In Celebrating OBL's Demise, the Kids Are All Right

Once old enough, many of them joined the military to fight the war on terror -- a war brought about by their elders' complacency -- in Iraq, Afghanistan, and elsewhere. Many if not most members of the 9/11 generation outside of elitist circles either know someone who has served during the past decade or know one of their relatives or close friends. The wars largely pinned al-Qaeda down in the Middle East and at least partially distracted it from planning attacks in the Western world. Those who claim that Iraq was somehow not part of the war on terror cannot explain away al-Qaeda's heavy presence in that war. Now they also cannot deny that the capture of a key AQ operative in Iraq began a chain of events which eventually led to finding and killing bin Laden.

As to the naysayers' argument that we shouldn't revel in anyone's death, Clarence Page ("Welcome to Paybackistan") has it right: This isn't about death, it's about justice. Our special forces killed Osama bin Laden because the actions he orchestrated on 9/11 and in many other attacks around the world cried out for retribution, i.e., "requital according to merits or deserts, especially for evil."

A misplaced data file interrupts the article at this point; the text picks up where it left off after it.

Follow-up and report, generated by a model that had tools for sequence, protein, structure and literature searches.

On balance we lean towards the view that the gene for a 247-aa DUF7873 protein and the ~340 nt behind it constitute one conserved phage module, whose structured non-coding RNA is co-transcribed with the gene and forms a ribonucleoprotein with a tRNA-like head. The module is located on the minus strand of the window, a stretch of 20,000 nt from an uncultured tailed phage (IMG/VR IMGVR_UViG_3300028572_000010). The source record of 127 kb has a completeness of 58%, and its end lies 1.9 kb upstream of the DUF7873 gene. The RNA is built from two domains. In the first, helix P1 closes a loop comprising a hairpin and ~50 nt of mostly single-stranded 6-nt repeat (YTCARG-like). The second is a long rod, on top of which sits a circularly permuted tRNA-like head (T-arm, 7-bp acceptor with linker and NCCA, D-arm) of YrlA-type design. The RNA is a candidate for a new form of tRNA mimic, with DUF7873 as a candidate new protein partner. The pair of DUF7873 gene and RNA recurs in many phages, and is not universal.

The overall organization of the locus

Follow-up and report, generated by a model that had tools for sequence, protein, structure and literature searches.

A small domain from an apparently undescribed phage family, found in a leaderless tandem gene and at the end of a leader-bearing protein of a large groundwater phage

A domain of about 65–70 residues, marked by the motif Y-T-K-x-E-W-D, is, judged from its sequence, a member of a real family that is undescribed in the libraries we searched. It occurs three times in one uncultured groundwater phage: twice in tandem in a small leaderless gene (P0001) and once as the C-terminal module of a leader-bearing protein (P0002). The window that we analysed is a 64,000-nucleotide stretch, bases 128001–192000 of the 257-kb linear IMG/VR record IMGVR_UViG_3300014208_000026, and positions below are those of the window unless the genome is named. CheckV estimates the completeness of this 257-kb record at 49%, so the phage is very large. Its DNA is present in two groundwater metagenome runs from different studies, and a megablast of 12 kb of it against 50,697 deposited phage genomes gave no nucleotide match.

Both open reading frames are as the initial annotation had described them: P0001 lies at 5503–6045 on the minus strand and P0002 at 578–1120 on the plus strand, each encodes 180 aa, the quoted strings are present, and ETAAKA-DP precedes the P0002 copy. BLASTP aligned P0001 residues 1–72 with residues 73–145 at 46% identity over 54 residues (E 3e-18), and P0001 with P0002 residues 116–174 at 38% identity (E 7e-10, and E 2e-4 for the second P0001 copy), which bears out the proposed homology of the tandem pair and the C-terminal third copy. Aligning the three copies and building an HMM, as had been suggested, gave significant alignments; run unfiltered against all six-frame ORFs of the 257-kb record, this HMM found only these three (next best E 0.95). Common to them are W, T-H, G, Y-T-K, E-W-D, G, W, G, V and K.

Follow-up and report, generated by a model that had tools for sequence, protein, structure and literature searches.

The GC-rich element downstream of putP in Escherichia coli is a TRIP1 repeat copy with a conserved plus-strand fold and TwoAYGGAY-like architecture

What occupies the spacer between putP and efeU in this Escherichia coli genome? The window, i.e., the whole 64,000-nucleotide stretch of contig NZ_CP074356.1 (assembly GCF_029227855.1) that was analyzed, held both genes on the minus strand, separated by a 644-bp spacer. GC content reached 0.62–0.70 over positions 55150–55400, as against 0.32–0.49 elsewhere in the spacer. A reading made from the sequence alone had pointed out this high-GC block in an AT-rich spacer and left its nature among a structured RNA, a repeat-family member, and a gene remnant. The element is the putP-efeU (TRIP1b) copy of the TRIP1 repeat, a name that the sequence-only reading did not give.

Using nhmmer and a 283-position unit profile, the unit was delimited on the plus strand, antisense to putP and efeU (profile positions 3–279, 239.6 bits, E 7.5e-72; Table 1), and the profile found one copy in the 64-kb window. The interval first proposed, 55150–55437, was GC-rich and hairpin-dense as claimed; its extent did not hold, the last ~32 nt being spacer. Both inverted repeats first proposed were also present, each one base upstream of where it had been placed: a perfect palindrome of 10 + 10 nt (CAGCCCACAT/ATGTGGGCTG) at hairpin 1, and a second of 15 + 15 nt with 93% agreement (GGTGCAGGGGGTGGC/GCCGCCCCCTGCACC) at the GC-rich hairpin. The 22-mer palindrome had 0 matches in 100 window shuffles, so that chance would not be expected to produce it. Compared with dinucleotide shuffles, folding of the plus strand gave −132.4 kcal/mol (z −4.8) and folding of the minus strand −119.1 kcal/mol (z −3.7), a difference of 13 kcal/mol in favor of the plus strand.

Evil. I read recently that an English professor of psychobabble doesn't like the word, and would prefer to replace it with "lack of empathy," something which "is susceptible to education and treatment." Surely many in the 9/11 generation, which correctly recognized bin Laden as the very face of evil, would respond thusly: ROTFLMAO.

9/11 was what will hopefully remain a unique generational scar. Osama bin Laden's richly deserved death doesn't excise the wound, but it holds significant promise for diminishing it. Gail Saltz, who worries about today's kids being traumatized by watching people celebrate a significant win for the good guys, should instead be cheering the increased likelihood that today's and future generations' children won't have to witness and live with what has haunted the 9/11 generation for nearly a decade. That would really be worth celebrating.